3 purposes of a contractual penal clause

A penal clause is another obligation attached to the principal one, requiring the payment or performance of something, or simply, requiring a greater responsibility, in case of noncompliance in order to assure performance or to deter nonperformance. Other annotators defined "penal clause" as a “coercive means to obtain from the debtor compliance of the obligation.” It has also been defined as “an accessory undertaking to assume greater liability in case of breach. It is attached to obligations in order to insure their performance. READ MORE: OBLIGATIONS WITH A PENAL CLAUSE.

Such a penal clause stipulated in a contract has three (3) purposes: the coercive purpose; the liquidation purpose; and the restrictive purpose.

1. COERCIVE PURPOSE, also called "funcion coercitiva de garantia." The penal clause is inserted in the contract to insure the performance of the obligation. With knowledge and fear of a penalty in case of breach, the obligor is reminded to fulfill his obligations fully and in good faith.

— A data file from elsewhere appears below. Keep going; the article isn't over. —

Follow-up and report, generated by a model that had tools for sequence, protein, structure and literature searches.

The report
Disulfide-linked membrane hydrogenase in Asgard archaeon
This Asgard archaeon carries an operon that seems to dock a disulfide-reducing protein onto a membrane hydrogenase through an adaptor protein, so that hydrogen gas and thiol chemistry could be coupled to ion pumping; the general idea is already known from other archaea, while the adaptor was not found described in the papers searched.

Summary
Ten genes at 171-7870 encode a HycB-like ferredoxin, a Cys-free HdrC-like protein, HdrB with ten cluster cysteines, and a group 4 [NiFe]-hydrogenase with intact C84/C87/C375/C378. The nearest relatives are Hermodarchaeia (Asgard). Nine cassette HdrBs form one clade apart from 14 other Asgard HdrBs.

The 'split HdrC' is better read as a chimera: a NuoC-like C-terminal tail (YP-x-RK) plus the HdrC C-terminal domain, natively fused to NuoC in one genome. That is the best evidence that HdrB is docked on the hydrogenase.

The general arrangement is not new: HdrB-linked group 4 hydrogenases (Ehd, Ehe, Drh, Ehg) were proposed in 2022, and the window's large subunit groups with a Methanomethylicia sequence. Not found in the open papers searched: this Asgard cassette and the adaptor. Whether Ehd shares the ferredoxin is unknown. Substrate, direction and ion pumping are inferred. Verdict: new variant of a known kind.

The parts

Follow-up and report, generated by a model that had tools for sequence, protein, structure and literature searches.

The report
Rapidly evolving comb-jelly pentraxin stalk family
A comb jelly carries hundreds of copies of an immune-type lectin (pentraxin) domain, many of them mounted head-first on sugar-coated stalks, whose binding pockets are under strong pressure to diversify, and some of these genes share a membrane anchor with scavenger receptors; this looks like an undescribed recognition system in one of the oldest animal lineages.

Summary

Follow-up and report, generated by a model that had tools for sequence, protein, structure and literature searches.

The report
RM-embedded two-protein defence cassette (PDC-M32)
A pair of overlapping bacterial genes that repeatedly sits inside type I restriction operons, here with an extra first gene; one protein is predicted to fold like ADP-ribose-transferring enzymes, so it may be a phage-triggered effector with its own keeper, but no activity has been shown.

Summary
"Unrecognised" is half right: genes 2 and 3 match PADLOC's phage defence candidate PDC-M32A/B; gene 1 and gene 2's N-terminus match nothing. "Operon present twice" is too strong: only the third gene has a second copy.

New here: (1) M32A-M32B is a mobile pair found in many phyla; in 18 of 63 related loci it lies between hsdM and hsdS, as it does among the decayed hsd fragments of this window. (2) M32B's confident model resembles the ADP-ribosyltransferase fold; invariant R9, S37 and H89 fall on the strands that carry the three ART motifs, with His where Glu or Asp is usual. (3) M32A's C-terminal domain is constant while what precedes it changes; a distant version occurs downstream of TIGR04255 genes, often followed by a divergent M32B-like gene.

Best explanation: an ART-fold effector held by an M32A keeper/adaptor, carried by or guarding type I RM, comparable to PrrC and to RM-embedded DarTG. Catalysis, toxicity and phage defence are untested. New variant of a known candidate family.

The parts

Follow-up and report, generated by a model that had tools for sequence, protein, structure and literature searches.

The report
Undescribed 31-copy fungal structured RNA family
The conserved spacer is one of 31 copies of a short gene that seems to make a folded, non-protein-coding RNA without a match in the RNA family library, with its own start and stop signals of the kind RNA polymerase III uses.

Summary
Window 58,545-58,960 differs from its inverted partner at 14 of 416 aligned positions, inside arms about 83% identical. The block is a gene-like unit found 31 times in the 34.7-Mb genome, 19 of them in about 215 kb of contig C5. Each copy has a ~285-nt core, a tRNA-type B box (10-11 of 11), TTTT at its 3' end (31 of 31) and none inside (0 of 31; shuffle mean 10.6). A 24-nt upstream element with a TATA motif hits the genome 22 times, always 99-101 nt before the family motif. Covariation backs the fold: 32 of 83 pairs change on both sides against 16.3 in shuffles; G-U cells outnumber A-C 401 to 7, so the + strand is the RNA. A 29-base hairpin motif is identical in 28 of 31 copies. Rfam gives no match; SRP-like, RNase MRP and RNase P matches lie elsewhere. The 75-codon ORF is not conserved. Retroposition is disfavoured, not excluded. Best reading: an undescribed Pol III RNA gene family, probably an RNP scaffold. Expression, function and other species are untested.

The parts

2. LIQUIDATION PURPOSE, also called "funcion liquidatoria." The penal clause operates to liquidate the amount of damages to be awarded to the injured party in case of breach of the principal obligation (compensatory). It is understandable that, when the obligor breaches what is incumbent upon him/her, the obligee must have suffered actual or moral damages, among others.

3. RESTRICTIVE PURPOSE, also called "funcion restrictamente penal." The penal clause is written into the contract to punish the obligor in case of breach of the principal obligation (punitive). When contracting parties enter into a contract, both expect the fulfillment of obligations; this failure of expectation and the concomitant injury suffered are the reason for the punishment.